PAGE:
“I followed the power-line up a hill, and there on the other side was a low, whitewashed building set in a large clearing. All over this clearing were tall, irregular mounds of earth, linked together with a network of wires. It was one of the most baffling sights I have ever seen, and I stood and stared for a good ten minutes, trying to decide what was going on. The longer I looked, the less sense it seemed to make.
141 was debating what to do when a tall, white-haired man came out of the building and walked over to one of the mounds. He was carrying some kind of apparatus and had a pair of earphones slung around his neck, so I guessed that he was using a Geiger counter. It was just about then that I realized what those tall mounds were. They were termitaries … the skyscrapers, in comparison to their
makers, far taller than the Empire State Building, in which the so-called white ants live.
“I watched with great interest, but complete bafflement, while the elderly scientist inserted his apparatus into the base of the termitary, listened intently for a moment, and then walked back towards the building. By this time I was so curious that I decided to make my presence known. Whatever research was going on here obviously had nothing to do with international politics, so I was the only one who’d have anything to hide. You’ll appreciate later just what a miscalculation that was.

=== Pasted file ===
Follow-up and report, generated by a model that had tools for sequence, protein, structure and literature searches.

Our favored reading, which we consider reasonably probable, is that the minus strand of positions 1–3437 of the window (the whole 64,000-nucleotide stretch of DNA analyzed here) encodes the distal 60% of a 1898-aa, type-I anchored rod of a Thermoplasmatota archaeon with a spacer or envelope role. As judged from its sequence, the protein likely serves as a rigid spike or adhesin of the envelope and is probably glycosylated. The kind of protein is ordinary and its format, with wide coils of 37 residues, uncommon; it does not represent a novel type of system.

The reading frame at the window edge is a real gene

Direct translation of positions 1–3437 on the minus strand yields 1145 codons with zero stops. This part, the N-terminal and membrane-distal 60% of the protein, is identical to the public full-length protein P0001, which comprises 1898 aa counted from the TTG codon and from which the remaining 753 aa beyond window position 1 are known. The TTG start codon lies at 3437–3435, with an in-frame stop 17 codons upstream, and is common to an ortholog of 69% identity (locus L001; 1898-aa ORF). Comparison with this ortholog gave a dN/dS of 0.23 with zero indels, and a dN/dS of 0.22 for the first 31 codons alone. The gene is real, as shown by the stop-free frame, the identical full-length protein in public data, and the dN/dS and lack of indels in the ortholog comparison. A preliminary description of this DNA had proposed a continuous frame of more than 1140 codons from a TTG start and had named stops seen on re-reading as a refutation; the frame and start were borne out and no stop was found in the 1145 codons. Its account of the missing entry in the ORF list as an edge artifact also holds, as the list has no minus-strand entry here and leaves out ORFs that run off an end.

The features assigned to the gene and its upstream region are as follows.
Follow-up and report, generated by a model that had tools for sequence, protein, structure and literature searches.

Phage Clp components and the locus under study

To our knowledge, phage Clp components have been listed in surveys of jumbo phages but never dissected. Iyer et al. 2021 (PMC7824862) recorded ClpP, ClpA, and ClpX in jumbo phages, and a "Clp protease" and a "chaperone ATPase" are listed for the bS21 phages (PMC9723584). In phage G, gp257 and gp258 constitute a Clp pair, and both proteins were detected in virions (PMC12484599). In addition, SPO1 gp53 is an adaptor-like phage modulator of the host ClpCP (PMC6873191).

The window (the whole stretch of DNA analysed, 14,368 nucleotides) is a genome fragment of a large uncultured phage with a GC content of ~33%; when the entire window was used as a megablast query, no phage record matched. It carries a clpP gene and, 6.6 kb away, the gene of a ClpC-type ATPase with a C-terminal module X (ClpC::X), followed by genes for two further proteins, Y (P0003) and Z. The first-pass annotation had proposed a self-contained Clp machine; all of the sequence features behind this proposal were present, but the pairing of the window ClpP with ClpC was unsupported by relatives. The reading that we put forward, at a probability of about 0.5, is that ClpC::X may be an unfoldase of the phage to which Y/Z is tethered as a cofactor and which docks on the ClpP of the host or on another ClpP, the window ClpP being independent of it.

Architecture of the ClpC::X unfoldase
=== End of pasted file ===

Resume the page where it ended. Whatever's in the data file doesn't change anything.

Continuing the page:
“I yelled for attention and walked down the hill, waving my arms. The stranger halted and watched me approaching: he didn’t look particularly surprised. As I came closer I saw that he had a straggling moustache that gave him a faintly Oriental appearance. He was about sixty years old, and carried himself very erect. Though he was wearing nothing but a pair of shorts, he looked so dignified that I felt rather ashamed of my noisy approach.
“‘Good morning, I said apologetically. ‘I didn’t know that there was anyone else on this island. I’m with an-er-scientific survey party over on the other side.’
“At this, the stranger’s eyes lit up. ‘Ah,’ he said, in almost perfect English, ‘a fellow scientist! I’m very pleased to meet you. Come into the house.4
“I followed gladly enough-I was pretty hot after my scramble -and I found that the building was simply one large lab. In a comer was a bed and a couple of chairs, together with a stove and one of those folding wash-basins that campers use. That seemed to sum up the living arrangements. But everything was very neat and tidy: my unknown friend seemed to be a recluse, but he believed in keeping up appearances.
“I introduced myself first, and as I’d hoped he promptly responded. He was one Professor Takato, a biologist from a leading Japanese university. He didn’t look particularly Japanese, apart from the moustache I’ve mentioned. With his erect, dignified bearing he reminded me more of an old Kentucky colonel I once knew.